Holiday A&E fare takes some unusual forms this week.
Most intriguing is an original play, “The Legend of the Golem,” written by longtime Portland theater activist Michael Levine. The Golem is a benevolent monster-like creature who saved thousands of Jews in 16th-century Europe; in Levine’s tale he reawakens to save one doubting soul in the 20th. Catch it in Westbrook through Dec. 23.
The Portland Symphony Orchestra’s annual Magic of Christmas concerts, Dec. 14-23, feature a master magician in addition to maestro Robert Moody and his troupe of 80-odd musicians plus choruses.
Renaissance Voices is a fine choral group that performs an unusual annual program in Portland Dec. 15-16.
Christmas With Cornils is another annual holiday concert, slated for Dec. 18 in Portland. This year’s special difference is the venue. For the first time ever, the celebration takes place outside of Merrill Auditorium.
A new holiday tradition is emerging in southern Maine. For the past two years, Michael Levine, the producing artistic director of Westbrook-based Acorn Productions, has mounted a Jewish-themed play for the December holiday season.
For his third effort in the series, Levine has written a fascinating new play that builds upon a Jewish tale that dates from the 16th century: “The Legend of the Golem.” Like many holiday classics of its genre, the appeal of Levine’s play is its imaginative clash between fantasy, faith, love and reality.
In Jewish tradition, a golem is a clay figurine that takes on life. The most famous was the Golem of Prague, who saved the city’s Jewish population during a pogrom in the 1500s.
Levine’s play takes place in impoverished Jewish household in Poland about 1920. The protagonist is a poor tailor who is struggling with a constant lack of money, increasing lack of faith plus a growing multitude of family challenges.
A mysterious stranger visits during the family Seder one night, and introduces the tailor to the Golem of Prague, who’s been sleeping for centuries in the attic of the local synagogue. In Levine’s tale, the Golem comes to life. He’s a very large but cooperative monster who helps the frightened tailor overcome many of his difficulties.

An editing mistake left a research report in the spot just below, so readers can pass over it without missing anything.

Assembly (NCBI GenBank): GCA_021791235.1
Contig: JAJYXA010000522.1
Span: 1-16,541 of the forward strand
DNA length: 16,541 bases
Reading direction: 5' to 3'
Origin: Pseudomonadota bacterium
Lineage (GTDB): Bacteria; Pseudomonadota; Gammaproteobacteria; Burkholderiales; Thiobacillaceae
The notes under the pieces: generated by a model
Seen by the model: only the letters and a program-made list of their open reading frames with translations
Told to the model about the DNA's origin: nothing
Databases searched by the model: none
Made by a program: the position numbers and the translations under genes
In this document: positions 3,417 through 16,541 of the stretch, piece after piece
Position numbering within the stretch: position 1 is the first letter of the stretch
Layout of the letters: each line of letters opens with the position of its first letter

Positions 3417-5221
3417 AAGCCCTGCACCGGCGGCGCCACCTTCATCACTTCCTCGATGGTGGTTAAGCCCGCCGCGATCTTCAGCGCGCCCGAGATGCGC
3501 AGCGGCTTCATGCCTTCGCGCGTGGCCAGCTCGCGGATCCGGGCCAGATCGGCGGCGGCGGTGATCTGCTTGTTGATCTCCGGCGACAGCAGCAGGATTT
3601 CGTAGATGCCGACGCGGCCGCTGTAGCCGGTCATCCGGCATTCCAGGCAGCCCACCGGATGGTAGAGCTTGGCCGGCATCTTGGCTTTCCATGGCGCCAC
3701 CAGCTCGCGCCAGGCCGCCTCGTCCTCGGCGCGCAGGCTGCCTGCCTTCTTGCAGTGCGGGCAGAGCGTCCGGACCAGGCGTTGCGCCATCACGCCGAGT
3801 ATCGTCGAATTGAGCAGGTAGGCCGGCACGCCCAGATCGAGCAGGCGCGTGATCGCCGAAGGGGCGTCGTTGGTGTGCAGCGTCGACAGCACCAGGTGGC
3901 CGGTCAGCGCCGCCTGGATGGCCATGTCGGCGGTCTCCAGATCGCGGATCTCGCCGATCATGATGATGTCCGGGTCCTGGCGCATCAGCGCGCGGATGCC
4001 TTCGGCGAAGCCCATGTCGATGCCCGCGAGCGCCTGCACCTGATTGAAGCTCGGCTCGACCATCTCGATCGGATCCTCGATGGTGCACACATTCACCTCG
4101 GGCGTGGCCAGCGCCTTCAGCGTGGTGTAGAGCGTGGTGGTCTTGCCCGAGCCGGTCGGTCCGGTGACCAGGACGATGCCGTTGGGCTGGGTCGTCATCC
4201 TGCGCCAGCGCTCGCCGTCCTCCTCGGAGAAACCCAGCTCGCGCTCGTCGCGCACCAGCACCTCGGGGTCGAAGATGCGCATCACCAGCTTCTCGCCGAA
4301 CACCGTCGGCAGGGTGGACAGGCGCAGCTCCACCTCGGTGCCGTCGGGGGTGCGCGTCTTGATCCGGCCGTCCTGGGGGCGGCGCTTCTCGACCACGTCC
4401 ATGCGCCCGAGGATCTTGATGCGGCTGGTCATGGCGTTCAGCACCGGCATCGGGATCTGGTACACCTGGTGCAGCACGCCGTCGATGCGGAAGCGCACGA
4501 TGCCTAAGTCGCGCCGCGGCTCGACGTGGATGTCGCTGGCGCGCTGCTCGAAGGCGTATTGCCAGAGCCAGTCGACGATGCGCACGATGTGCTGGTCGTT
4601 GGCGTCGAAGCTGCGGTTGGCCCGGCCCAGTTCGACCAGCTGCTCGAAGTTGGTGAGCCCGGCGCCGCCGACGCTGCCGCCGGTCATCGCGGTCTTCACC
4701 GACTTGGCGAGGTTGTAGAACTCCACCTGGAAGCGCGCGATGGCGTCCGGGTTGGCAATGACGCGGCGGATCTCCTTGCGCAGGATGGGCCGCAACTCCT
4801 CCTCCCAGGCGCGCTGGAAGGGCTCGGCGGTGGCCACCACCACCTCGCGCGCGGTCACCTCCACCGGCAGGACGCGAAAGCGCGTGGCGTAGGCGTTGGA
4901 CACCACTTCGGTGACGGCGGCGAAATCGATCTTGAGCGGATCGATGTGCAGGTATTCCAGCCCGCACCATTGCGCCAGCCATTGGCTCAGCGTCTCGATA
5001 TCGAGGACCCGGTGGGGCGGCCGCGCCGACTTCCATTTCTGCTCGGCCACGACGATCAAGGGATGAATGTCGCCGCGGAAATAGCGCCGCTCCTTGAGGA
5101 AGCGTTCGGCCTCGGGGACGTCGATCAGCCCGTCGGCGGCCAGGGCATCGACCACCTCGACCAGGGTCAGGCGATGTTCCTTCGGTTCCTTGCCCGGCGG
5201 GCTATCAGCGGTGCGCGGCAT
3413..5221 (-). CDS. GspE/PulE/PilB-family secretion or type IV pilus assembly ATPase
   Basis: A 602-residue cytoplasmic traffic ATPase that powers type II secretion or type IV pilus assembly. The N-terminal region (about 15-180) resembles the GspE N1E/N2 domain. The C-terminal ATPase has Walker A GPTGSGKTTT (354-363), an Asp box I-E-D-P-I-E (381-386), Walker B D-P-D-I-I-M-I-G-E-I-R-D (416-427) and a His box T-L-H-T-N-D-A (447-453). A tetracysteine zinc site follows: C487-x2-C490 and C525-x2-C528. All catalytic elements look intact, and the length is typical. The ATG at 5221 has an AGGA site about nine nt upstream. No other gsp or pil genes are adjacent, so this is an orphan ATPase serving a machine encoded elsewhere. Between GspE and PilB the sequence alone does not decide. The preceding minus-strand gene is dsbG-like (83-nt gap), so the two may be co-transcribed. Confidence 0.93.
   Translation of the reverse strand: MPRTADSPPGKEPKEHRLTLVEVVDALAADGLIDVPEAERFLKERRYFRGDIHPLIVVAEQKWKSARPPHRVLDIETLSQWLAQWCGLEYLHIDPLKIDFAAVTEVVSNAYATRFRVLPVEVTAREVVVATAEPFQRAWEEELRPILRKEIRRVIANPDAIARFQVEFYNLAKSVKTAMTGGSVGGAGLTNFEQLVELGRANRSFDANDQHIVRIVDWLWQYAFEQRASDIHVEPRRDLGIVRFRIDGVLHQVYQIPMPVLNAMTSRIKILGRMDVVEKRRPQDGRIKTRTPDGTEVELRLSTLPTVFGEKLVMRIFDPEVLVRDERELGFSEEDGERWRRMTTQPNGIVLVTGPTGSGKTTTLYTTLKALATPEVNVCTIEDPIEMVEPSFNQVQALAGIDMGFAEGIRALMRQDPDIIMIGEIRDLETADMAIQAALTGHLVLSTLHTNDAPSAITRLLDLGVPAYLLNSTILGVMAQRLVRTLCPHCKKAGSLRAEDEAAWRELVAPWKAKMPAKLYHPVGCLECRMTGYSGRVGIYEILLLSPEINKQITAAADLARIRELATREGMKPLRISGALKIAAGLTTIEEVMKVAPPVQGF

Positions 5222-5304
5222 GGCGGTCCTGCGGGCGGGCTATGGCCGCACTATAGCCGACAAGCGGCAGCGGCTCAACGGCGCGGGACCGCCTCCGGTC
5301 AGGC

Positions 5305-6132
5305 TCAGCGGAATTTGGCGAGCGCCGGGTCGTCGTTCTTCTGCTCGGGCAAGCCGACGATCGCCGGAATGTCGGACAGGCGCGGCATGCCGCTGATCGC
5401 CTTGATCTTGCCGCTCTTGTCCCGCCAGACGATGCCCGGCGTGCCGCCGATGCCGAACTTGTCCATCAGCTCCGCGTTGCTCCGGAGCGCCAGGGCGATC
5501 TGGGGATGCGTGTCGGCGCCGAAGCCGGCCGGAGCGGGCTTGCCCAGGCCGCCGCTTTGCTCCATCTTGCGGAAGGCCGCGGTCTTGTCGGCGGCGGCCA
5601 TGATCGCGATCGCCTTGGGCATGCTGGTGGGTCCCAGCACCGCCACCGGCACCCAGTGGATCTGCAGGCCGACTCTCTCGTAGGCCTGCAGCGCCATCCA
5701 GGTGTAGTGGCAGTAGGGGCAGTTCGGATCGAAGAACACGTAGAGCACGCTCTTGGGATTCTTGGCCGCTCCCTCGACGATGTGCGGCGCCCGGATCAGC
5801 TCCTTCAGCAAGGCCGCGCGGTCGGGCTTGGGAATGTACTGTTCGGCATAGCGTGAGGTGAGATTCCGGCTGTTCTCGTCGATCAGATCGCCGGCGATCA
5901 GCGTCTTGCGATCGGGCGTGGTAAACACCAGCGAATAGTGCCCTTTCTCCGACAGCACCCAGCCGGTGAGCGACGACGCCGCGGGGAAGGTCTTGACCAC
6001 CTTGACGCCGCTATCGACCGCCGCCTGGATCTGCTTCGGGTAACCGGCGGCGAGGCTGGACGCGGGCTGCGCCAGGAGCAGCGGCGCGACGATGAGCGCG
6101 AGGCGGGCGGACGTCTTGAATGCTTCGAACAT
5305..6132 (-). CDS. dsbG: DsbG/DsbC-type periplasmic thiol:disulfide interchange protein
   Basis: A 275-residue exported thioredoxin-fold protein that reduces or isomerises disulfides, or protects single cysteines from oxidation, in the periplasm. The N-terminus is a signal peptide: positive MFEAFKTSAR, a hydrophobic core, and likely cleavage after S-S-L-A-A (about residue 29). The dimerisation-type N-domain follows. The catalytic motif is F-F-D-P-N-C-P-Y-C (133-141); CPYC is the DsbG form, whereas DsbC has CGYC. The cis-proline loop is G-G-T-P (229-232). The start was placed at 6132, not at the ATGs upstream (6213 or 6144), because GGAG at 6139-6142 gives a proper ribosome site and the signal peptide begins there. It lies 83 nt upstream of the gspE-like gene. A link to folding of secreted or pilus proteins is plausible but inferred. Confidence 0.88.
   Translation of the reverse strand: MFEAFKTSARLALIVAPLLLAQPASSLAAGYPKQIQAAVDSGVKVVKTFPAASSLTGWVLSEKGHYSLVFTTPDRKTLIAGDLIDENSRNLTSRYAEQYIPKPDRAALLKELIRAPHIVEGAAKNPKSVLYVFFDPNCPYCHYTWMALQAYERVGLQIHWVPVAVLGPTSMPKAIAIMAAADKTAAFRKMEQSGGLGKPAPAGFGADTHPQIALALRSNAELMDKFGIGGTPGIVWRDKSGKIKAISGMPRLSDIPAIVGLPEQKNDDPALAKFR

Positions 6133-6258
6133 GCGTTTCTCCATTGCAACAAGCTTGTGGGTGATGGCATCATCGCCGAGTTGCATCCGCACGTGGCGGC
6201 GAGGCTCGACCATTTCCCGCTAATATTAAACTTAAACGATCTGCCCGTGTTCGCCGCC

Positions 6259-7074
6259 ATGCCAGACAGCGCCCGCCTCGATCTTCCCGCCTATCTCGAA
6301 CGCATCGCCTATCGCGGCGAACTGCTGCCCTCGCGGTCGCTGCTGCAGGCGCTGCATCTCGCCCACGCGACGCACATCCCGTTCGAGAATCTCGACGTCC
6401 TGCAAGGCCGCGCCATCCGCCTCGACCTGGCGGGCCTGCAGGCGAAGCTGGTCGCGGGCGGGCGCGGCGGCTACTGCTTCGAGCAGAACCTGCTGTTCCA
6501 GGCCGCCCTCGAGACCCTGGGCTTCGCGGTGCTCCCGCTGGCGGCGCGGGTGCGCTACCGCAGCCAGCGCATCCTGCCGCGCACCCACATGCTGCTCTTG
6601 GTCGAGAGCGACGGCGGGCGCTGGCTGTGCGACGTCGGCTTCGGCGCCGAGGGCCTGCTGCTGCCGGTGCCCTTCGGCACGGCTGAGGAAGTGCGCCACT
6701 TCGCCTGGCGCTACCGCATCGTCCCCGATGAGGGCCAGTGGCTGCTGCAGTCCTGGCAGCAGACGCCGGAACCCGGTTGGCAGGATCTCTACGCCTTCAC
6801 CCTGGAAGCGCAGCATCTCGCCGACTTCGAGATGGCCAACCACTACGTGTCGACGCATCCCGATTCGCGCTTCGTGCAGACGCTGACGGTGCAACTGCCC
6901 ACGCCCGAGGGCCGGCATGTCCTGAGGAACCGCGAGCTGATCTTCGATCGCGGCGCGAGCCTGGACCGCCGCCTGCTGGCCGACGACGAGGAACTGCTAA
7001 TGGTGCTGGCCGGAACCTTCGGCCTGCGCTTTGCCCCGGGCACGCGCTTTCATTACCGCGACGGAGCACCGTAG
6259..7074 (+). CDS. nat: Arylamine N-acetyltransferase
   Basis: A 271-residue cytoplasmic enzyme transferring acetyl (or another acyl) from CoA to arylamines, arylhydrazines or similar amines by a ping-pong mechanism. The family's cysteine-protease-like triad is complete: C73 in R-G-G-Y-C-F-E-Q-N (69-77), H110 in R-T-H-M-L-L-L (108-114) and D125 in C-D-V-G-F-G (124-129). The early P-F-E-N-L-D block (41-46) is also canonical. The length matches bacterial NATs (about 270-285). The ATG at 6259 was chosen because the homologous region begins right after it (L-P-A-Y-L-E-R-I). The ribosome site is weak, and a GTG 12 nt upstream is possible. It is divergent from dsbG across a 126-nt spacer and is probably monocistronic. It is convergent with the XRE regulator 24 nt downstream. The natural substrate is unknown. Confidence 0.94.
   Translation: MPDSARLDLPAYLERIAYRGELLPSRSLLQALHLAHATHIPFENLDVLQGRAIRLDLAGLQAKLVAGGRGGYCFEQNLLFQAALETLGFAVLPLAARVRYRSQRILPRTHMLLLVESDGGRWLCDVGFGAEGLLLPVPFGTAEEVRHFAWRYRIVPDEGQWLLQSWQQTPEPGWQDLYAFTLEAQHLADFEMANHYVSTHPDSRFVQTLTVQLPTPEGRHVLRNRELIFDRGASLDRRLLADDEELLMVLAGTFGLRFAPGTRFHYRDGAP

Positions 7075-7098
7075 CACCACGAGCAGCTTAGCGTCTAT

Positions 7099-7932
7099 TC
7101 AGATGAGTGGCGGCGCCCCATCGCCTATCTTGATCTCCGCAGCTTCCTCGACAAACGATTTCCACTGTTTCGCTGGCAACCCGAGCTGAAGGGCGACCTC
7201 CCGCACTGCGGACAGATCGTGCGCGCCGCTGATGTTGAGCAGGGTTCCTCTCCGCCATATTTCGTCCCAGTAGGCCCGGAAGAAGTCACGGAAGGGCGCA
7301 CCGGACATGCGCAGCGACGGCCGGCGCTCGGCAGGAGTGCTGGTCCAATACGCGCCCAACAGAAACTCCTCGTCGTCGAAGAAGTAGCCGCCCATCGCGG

A cast of six brings this interesting piece of stagecraft to life, with Josh Brassard playing the poor tailor and David Handwerker in the title role. My pick for best actor goes to Brenda Chandler, playing the tailor’s long-suffering wife.
Acorn Productions presents “The Legend of the Golem” at its studio theater at 90 Bridge St. in Westbrook through Dec. 23 with 7:30 p.m. performances Thursday through Saturday and 3 p.m. Sunday. Call 854-0065.
The Portland Symphony Orchestra’s annual Magic of Christmas concerts have been a Port City family tradition for decades, and I’ve been going for the past 20 years.
But “magic” has always been interpreted metaphorically. Until this year. For 2012’s Magic of Christmas concerts, scheduled Dec. 14-23, PSO maestro Robert Moody has hired a magician as the featured guest artist.
Billed as “America’s premier female illusionist,” Lynn Dillies has earned national acclaim for her “Magic At The Symphony” program, which helps inspire children to enjoy the orchestral experience through colorful illusions.
Other guests include the Windham Chamber Singers. Led by Richard Nickerson and comprising 40 students from Windham High School, this group is in its 24th year. The Windham Chamber Singers have been lauded through the years for their performances at international music festivals, for U.S. presidents, celebrities and other notables.